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    I also see you have Git logs, so I presume you published this on Github or some other repo. What license did you shared it with? (MIT, no license, etc.) – DarkCygnus Feb 18 '19 at 21:50
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    To be clear - there's a difference between being able to file a lawsuit and winning one. Even if you have evidence, it can still cost you money to attempt to defend. Getting a signed agreement or having it on a public Github repo (before you share with your employer) still may not be 100% bulletproof, but should dissuade most thoughts about filling a claim against you – HorusKol Feb 19 '19 at 3:27
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    @DarkCygnus Yes this was entirely on my own time using my own computer, in my own house on my own internet. I did not publish the code publicly, I have a commit history in my private repo on BitBucket, but the timestamps are clear that I had developed this code prior to using it at the company. – Brad Feb 19 '19 at 4:30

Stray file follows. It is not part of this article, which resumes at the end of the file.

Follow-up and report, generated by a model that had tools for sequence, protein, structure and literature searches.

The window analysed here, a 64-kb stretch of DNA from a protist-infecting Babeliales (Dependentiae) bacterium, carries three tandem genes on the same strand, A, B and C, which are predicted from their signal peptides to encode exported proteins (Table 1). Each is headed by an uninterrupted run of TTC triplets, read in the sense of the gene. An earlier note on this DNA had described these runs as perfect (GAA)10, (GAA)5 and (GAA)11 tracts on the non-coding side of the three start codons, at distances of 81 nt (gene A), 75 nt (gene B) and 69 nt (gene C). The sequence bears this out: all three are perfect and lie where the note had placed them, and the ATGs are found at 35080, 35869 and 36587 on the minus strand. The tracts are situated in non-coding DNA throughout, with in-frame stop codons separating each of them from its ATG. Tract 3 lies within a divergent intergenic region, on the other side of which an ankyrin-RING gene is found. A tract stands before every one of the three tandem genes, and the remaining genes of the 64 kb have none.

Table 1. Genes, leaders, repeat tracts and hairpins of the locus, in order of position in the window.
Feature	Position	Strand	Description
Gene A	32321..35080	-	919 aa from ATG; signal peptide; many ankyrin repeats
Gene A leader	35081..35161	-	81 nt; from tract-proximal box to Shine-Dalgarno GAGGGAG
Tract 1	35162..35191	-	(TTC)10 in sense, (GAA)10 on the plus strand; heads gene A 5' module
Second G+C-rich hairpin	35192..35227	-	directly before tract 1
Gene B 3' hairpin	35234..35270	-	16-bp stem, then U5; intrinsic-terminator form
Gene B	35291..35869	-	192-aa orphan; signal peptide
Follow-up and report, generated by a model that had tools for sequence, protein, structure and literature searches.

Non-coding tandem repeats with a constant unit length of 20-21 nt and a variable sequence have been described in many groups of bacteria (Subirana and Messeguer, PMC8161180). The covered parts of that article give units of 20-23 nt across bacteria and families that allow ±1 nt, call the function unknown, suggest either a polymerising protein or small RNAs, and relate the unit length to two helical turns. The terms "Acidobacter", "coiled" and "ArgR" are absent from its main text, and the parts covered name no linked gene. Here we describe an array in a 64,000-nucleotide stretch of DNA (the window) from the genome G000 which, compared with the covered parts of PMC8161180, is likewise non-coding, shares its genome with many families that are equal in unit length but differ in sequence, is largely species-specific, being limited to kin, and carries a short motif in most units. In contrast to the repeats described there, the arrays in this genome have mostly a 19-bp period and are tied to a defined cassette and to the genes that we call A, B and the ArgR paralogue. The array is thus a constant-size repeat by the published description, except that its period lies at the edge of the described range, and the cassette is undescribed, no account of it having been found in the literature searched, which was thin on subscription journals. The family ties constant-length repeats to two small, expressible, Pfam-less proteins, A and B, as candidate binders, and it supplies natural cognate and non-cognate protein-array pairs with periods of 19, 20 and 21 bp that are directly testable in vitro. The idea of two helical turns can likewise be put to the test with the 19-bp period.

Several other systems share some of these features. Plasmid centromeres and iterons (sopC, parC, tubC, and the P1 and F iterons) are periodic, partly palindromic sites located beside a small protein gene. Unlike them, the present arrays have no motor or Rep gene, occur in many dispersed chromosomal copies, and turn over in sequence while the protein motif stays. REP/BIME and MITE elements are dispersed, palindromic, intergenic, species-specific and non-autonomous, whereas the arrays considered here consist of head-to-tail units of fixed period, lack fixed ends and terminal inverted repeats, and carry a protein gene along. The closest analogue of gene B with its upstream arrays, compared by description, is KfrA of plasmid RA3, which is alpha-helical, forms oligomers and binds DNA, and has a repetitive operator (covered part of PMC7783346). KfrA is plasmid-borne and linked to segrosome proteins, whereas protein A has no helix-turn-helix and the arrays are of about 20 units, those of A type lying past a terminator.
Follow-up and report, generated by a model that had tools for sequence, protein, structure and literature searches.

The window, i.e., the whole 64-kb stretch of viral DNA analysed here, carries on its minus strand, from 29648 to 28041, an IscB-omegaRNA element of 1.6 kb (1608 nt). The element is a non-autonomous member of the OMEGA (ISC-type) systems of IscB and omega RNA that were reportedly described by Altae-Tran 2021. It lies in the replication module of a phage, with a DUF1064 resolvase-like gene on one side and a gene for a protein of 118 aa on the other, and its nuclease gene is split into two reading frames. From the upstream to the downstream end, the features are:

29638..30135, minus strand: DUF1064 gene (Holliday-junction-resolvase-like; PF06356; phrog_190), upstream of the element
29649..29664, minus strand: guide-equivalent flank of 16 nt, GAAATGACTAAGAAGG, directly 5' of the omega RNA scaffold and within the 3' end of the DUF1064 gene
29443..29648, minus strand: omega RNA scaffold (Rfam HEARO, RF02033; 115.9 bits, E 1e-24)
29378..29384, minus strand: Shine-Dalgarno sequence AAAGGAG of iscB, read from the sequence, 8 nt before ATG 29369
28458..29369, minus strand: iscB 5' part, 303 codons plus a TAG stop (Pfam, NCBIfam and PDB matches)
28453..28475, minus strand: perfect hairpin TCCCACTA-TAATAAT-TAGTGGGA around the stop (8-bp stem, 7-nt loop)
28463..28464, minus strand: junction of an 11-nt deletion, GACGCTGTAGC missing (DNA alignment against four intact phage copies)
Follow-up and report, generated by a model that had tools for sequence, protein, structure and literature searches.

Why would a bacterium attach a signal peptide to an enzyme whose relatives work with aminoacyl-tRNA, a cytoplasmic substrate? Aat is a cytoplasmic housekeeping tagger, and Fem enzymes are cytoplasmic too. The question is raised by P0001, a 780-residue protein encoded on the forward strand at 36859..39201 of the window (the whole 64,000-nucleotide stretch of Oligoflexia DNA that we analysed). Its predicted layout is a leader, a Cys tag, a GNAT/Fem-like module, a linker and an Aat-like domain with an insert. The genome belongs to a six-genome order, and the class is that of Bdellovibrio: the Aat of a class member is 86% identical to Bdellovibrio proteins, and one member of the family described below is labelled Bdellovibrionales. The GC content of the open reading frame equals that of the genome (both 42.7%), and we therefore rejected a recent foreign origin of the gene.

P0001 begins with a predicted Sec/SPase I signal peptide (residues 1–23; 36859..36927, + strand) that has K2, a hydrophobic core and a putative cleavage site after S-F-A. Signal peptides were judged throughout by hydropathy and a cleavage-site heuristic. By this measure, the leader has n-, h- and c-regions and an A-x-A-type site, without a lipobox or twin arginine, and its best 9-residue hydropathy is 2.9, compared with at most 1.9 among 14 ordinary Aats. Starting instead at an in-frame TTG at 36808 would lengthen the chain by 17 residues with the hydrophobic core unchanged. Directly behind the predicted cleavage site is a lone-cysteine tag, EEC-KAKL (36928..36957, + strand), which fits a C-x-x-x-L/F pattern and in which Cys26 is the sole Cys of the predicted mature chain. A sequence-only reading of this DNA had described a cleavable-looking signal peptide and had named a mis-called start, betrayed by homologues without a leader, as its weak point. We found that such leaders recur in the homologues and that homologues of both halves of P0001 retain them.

The company could claim ownership of such code if you either did it during work time (which you say you did not) or if you did it using company resources (internet, company laptop, etc.).

Otherwise (I am not a lawyer though) I don't think they have any claim on the code. To be sure, and if you feel uneasy, you could consider contacting a lawyer so they can assist you legally.

Furthermore, if you published your code on your own repository and under some open-source/free/etc. license (like MIT license) then the company would have even less reasons to claim ownership.

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    I want to add that adding an open source license now would still be good if one wasn't done yet. Also, when using your framework, link to the git or fork it, don't copy it. That way there is a clear path to the original git repo. – Trevor Feb 18 '19 at 22:08
  • excelent points @TrevorD all worth considering – DarkCygnus Feb 18 '19 at 22:09